Costa Rica has now joined the Organization for Economic Cooperation and Development (OECD) as its 38th member, making it one of the most attractive markets for foreign investment in the region.
Costa Rica is the fourth Latin American country to join the Paris-based organization, which accounts for 80% of the world’s gross domestic product (GDP) and 60% of international trade. The other OECD members in the region are Colombia, Chile, and Mexico.
Costa Rica says it is “at a turning point” in promoting development. The country’s key goal will be to educate more human talent in line with the needs of the knowledge economy.
It went on to say that companies investing in Costa Rica will have “legal certainty” on their side.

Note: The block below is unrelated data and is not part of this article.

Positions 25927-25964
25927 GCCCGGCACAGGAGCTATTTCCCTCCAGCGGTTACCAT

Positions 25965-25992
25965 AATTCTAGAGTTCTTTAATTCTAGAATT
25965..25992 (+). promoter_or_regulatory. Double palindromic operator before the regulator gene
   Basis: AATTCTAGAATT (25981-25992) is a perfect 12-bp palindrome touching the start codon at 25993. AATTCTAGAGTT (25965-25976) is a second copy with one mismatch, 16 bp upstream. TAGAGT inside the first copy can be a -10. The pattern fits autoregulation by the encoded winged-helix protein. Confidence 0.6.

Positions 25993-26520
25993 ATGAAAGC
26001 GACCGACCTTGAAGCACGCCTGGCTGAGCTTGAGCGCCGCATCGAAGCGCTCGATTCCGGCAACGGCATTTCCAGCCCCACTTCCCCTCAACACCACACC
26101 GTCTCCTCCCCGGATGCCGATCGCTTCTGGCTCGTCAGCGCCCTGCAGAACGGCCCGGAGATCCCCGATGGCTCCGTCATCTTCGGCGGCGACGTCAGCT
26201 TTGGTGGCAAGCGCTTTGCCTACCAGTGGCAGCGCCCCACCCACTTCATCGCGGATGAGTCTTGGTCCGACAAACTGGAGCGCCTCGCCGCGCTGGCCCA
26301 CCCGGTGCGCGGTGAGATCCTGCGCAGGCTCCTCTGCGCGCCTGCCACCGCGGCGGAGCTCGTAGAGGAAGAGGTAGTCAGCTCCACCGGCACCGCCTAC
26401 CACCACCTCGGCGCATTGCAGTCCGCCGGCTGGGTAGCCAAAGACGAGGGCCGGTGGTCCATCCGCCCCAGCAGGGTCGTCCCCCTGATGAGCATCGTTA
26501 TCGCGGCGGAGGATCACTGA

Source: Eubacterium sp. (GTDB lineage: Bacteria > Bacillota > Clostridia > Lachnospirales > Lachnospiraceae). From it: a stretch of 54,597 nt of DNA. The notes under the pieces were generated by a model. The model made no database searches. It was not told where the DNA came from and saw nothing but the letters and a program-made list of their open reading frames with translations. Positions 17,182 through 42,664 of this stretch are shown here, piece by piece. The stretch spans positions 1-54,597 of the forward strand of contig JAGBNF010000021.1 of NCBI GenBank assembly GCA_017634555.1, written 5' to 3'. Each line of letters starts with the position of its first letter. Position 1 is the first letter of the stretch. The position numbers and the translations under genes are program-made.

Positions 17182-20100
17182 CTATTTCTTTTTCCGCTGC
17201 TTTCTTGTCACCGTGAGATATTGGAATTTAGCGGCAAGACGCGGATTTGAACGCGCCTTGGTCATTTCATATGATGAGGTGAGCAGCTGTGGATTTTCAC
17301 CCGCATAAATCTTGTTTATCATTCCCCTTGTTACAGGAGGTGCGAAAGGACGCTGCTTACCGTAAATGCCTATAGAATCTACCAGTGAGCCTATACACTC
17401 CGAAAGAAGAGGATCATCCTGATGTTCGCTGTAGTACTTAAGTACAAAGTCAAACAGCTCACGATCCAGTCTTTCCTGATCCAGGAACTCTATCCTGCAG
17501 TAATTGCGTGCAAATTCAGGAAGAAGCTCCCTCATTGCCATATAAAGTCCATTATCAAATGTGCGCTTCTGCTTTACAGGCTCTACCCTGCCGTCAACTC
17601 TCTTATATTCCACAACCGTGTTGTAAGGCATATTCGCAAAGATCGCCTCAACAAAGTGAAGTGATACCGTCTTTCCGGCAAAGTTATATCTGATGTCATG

Jorge Sequeira, managing director of the country investment promotion agency, CINDE, has confirmed that the OECD membership will safeguard the free trade zone regime, adding that “the incentives granted under these standards are fully in line with the highest international best practices and requirements.”
Costa Rica is not a poor country. It is an upper-middle-income nation, one rank below high-income nations, according to the World Bank.
The Covid-19 pandemic dealt a heavy blow to Costa Rica’s tourism economy, forcing it to borrow a loan from the IMF. The Central American country is currently vaccinating its people at a considerable speed, hoping to get the economy back on track.